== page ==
aid from the fluctuations of the stocks of agricultural products, the

Commission is preparing,to ·define an overall policy in this sphere.

This would enable the setting up of continous programmes covering

a wide range of products. Such proposals, if they are accepted, would

allow the Community to reply in a more satisfactory way than at present

to the QUalitative and QUantitative needs of developing countries.

OBJECTIVES AND METHODS OF OPERATION

The Community's food aid, which is always in the form of gifts

to the recipient states or organisations, meets a triple need

- to aid countries which are victims of disasters

to raise the nutritional level of the people·of Third World countries

- to bring direct assistance to the economic development of these countries.

The pursuit of each of these objectives has leQ the Community to

engage in three types of operation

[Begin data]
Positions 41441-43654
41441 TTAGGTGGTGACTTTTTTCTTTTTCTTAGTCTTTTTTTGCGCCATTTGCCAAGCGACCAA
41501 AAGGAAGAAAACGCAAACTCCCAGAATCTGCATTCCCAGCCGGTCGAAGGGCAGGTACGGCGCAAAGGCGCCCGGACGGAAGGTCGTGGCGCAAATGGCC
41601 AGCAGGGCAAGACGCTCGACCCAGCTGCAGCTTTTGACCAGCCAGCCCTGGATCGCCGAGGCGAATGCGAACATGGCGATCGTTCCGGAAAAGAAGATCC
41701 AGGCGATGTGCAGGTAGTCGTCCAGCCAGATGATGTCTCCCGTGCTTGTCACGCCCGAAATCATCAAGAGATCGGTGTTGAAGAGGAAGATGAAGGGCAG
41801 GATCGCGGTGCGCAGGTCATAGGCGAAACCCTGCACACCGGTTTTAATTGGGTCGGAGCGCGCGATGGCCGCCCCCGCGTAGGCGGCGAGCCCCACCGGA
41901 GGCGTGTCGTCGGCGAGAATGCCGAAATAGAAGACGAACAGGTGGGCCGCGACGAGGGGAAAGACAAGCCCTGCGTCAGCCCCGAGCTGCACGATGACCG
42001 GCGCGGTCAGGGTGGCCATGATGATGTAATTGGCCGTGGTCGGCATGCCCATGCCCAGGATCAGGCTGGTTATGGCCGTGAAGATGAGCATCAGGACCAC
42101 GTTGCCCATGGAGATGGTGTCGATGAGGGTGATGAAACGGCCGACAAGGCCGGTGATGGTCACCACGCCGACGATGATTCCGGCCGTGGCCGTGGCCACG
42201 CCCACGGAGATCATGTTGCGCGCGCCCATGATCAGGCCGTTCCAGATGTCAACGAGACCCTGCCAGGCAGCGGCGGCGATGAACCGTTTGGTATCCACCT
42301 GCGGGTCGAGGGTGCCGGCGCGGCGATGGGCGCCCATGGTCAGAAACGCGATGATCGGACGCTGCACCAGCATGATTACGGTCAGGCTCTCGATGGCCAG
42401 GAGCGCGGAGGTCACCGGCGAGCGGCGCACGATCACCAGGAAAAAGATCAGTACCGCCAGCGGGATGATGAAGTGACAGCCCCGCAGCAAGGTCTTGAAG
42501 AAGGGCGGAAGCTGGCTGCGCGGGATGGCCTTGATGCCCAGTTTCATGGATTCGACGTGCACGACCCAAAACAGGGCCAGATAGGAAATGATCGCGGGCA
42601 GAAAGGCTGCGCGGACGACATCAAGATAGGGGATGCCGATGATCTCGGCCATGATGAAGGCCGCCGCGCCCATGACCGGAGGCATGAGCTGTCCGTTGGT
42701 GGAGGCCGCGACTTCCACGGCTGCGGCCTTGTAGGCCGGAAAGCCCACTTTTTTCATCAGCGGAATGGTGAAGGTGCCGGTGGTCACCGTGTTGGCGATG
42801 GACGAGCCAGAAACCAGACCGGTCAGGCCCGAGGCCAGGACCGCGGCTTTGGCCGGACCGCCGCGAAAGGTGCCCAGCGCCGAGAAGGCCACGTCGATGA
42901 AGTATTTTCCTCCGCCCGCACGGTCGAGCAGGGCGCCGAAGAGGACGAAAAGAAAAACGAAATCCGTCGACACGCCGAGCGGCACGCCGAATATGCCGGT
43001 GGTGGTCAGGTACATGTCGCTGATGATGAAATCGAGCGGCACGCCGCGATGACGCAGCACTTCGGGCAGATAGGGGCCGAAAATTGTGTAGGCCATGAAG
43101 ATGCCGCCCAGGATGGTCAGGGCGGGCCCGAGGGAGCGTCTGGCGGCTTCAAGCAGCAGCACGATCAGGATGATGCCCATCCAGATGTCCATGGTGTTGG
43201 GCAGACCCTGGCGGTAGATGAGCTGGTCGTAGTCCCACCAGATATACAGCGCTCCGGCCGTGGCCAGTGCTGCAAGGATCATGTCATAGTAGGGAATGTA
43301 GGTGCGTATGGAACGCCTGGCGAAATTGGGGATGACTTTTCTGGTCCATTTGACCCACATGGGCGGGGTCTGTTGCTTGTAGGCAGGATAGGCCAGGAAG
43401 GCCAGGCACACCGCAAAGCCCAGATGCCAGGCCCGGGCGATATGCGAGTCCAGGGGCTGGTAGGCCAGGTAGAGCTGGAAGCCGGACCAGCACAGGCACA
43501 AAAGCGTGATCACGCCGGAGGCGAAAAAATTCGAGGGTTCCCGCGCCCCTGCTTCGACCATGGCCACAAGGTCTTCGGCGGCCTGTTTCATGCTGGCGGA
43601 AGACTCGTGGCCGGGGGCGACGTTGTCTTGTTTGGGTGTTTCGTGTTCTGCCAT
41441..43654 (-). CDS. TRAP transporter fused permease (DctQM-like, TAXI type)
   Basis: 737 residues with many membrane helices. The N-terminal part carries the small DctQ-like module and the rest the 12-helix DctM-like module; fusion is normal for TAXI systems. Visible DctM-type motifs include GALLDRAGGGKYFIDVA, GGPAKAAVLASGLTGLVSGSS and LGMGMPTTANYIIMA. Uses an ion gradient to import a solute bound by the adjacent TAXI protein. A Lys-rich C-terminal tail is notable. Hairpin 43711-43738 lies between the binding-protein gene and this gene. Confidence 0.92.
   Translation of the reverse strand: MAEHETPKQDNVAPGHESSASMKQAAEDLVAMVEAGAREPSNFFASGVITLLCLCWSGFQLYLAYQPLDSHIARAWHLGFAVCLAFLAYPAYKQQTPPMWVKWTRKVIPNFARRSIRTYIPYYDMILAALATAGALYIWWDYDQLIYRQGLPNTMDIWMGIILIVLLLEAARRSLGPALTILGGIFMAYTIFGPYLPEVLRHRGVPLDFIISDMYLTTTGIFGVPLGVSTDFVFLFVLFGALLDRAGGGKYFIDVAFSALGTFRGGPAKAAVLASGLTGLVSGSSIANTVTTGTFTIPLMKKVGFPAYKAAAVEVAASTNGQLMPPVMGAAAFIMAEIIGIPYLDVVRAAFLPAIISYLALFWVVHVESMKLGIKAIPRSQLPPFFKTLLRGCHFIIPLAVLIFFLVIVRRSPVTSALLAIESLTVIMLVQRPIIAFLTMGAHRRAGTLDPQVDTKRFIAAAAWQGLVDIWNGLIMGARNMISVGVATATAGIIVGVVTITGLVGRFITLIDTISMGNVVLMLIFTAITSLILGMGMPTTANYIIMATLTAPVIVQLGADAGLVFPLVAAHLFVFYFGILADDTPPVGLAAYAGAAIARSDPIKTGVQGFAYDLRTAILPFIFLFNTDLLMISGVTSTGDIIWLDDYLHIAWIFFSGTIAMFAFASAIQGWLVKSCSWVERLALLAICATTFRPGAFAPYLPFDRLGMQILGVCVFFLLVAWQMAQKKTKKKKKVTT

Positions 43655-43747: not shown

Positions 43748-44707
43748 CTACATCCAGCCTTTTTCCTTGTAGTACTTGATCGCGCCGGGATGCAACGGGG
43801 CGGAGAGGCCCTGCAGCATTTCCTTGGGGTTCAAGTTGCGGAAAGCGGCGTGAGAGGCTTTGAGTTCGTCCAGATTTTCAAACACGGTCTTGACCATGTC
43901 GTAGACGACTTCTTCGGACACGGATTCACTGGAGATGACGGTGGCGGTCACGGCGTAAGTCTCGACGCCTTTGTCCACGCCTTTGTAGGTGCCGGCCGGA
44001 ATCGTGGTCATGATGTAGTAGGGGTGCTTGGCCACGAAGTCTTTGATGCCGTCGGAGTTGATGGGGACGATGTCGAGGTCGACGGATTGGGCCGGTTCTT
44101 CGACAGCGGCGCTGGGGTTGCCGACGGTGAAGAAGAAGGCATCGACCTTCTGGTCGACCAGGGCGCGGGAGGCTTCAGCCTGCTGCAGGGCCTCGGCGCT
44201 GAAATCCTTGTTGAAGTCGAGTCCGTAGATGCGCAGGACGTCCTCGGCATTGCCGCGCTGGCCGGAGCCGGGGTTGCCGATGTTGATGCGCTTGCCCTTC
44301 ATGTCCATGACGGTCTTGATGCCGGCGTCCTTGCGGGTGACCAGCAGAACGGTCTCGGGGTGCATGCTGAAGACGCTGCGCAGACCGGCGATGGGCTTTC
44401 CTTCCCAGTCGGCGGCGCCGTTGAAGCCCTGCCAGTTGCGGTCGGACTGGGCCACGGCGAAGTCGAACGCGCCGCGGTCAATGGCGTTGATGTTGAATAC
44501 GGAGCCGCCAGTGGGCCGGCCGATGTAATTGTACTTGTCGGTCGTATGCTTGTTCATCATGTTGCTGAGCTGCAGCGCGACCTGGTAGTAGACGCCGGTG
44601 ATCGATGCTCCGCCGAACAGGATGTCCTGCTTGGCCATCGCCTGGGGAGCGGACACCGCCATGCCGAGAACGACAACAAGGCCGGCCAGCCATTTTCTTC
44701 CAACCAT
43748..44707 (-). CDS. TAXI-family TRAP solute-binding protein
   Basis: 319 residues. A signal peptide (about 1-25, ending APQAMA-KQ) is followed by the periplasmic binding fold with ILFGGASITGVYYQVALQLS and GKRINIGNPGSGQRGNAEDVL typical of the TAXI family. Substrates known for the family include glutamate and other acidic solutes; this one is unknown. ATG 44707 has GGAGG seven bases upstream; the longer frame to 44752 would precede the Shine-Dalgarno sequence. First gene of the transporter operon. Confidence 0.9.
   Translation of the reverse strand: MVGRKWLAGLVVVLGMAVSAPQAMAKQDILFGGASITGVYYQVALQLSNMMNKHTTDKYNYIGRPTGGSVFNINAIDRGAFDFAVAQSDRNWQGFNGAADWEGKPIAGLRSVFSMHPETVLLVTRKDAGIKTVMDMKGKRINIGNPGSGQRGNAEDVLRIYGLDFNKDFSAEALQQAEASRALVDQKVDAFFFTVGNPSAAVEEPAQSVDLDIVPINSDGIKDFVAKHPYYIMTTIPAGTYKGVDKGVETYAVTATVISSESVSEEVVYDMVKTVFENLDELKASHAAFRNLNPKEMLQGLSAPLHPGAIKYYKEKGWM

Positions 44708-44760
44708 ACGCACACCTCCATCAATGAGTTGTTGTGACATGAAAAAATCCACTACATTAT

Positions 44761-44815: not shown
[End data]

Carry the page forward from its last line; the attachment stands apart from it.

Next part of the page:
1o ~~~!~~~~~-~~~!~!~~~~

In their very nature exceptional, these operations are intended

to fight famine situations caused by natural disasters (earthQuake,

flood, unusual drought, etc •• ) or internal or international conflicts.

Thus the Community intervened in favour of the Sahel countries

affected by

food aid for

refugees in

Pakistane

drought (112,955 tons

victims of the Nigerian

India at the time of the

of cereals) and also provided

civil war, and the Bengali

(3)

3

-In this type of operation the Community usually pays for the

I

costs of transport to the affected peoples, as well as for the food

itself, which is in principle distributed free to those in need by

the governments or speciali'se.d .organisations with which the Community is working.

These are established in a country or group of countries

when serious food deficiencies are affecting or are likely to affect

certain categories of people such as the young, the old, the sick, or refugeeso

Thus, the Community has been supplying since 19729 in the

framework of a programme lasting several years, to the United

Nations agency for Palestine refugees (UNRWA), annual contributions

of both products (in!1974 20,000 tons of cereals, 6,000 tons of sugar,

1,600 tons of milk a~d 2,000 tons of butteroil) and funds